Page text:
I just sit in these flames,
and pray that you’ll come back,
Close my eyes tightly, hold on and hope that
I’m dreaming . . . Come wake me up.
The new Rascal Flatts’ CD has been in heavy rotation this week. I have very eclectic tastes in music, and my music tastes are as wide-ranging as my moods. Several of the songs are so good that I keep them on repeat while I’m driving – and for me, this repeat mode can last all day. #dontjudgeme
There’s a method to my madness: When a song is worthy of this highly concentrated repeat mode, it’s because I’m meditating on the words, extracting meanings and applications for my life, or even using the song to gauge how much I’ve advanced (or haven’t) in dealing with certain situations or emotions. Let me give you an example:
A “break up” song like Come Wake Me Up one has three cycles:
Stage 1: Tears are flowing; this song speaks the sentiments of my heart, blah, blah, blah. Pass the tissues, please.
Stage 2: I’ve passed through Stage 1, but the song is still too painful to listen to and can potentially put me back in Stage 1 if I’m not careful. *Skips the song on the CD*
Stage 3: The sound is turned up, and I’m singing along, hitting all the high notes. I’m happy as a clam because I’ve made it through the first two stages, and the fact that I’m enjoying the song lets me know that the heartbreak cycle is over.
Today I’m adding a Stage 4: The words of the song give me a revelation.
Yes, I know the original meaning of Come Wake me Up is to convey that the singer wants his lost love to come and “wake him up” from the pain he’s experiencing at losing her. How many of us can relate to that??? The aftermath of a breakup is surreal; so much so that you sometimes want to pinch yourself and wonder if the fact that you and your S/O are no longer together has placed you in the Twilight Zone. Surely, surely you’re dreaming, and you want him or her to “come and wake you up.”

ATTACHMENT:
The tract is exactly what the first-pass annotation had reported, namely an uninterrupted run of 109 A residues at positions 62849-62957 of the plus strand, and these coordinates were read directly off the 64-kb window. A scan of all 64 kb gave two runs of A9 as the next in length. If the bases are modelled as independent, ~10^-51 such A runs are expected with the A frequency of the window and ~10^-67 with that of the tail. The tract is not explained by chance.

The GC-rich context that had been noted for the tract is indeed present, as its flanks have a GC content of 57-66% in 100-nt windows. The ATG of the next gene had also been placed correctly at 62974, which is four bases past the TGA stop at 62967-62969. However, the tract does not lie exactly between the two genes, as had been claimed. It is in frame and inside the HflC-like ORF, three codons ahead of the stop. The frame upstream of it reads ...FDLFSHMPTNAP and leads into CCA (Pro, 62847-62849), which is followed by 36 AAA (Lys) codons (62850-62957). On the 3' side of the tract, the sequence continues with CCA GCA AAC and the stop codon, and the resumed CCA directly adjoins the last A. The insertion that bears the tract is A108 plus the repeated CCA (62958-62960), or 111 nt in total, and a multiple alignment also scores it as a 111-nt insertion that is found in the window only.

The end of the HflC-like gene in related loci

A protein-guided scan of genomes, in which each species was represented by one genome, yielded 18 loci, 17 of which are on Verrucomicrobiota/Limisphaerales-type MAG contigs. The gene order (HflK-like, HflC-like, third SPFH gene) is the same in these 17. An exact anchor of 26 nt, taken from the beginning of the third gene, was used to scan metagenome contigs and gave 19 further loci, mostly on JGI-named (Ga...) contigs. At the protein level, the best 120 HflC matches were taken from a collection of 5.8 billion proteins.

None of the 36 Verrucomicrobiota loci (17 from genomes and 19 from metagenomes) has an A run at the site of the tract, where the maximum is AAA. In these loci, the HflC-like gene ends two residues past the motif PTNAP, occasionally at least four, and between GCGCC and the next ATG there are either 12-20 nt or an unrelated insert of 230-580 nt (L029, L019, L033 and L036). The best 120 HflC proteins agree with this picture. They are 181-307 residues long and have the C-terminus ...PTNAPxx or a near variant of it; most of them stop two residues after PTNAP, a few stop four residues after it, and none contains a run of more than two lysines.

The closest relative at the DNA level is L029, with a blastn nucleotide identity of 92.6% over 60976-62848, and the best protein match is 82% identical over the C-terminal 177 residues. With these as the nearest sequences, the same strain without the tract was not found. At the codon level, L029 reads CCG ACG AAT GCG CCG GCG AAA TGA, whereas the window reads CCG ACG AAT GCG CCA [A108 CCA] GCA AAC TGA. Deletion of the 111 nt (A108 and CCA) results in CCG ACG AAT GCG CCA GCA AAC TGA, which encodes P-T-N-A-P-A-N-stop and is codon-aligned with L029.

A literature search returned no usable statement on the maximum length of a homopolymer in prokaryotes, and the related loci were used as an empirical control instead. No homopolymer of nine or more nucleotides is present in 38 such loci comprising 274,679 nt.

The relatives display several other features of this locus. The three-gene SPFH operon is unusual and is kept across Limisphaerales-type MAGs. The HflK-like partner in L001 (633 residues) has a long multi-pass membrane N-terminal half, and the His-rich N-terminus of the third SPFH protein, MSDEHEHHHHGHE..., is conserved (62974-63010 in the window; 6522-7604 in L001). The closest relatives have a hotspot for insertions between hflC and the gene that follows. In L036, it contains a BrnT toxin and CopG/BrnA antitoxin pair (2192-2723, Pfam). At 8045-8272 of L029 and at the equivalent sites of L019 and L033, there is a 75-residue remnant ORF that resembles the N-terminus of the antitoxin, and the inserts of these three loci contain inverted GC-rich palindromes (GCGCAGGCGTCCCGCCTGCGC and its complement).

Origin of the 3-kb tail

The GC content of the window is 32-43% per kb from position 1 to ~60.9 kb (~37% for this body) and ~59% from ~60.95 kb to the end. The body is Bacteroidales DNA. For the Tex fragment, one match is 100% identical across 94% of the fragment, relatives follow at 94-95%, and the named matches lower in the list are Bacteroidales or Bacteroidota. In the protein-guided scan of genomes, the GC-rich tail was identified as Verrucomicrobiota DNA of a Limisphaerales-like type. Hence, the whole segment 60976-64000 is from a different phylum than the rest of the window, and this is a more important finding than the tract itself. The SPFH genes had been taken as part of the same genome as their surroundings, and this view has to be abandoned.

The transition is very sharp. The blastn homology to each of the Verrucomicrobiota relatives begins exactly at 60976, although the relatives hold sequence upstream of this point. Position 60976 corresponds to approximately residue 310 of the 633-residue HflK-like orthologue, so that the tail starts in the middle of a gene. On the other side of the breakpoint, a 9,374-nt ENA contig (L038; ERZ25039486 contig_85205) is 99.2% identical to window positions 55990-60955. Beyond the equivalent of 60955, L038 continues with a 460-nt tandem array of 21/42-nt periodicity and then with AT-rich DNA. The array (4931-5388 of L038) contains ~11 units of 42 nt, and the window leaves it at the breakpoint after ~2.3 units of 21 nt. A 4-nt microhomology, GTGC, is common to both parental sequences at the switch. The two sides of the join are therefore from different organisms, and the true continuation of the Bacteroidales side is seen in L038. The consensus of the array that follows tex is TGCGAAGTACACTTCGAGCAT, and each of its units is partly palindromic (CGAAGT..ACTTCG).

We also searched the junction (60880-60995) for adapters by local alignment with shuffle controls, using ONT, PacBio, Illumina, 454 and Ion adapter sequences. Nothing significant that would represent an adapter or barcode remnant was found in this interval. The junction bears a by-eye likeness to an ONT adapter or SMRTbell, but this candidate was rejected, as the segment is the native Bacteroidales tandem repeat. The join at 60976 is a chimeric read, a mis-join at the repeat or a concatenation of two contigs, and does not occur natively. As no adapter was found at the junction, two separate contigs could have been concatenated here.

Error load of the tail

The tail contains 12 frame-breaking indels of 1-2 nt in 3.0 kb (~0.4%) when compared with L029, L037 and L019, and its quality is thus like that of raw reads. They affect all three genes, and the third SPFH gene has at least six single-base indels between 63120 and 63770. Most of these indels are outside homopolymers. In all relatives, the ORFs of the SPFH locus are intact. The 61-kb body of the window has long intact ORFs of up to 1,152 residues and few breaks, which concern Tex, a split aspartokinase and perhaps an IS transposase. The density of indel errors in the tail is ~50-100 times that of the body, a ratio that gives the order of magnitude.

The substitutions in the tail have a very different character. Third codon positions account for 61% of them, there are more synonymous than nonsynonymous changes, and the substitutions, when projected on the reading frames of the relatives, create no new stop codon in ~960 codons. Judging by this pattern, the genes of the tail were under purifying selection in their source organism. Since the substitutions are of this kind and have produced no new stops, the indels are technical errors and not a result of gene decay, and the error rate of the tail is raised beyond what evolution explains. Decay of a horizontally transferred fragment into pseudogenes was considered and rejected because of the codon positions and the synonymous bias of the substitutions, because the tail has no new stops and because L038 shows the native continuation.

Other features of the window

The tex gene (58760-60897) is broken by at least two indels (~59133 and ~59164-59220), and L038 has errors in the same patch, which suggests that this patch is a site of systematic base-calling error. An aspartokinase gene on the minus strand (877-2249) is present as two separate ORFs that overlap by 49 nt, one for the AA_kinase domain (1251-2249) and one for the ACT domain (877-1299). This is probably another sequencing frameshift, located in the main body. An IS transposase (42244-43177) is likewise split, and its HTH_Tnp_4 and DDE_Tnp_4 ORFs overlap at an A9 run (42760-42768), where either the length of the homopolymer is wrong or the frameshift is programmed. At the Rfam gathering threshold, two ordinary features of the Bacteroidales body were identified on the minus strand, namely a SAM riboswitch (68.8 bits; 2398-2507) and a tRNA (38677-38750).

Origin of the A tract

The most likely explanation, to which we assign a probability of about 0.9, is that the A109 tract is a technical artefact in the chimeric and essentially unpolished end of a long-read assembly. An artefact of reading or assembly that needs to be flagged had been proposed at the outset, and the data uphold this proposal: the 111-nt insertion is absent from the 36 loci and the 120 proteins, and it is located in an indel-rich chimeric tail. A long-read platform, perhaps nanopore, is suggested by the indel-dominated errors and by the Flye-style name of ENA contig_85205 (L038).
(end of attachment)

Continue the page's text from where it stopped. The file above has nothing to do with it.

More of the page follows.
Break-ups are usually traumatic and emotionally draining, even when there’s no accompanying drama. Allowing yourself to go through a period of healthy introspection, evaluation, and release is a must. To each his own, but I don’t advocate jumping from one relationship immediately into another. Instead, face the pain. Get reacquainted with yourself. The same love that hurts is also the same love that heals. Once you direct love inward, towards you, at some point you’ll be again able to direct it outward, and hopefully this time towards someone who is worthy of that love.
So, let it hurt, because the good news is that you’ll find that you come to my Stage 4 epiphany, where Come Wake Me Up loses its negative connotation and becomes positive. Come Wake Me Up is what your heart begins to sing to the good guy out there; the one who makes himself emotionally available to give you the love that you need and deserve. The one who won’t take you for granted or abuse you, but will appreciate and cherish you. The one that you can give to without fear of exploitation, rejection, or desertion. A love that gives back. That’s the kind of love we all want. The kind of love that will come wake us up, and then say, “Come away with me.”
Join the fray: What area of your life need to wake up, and why?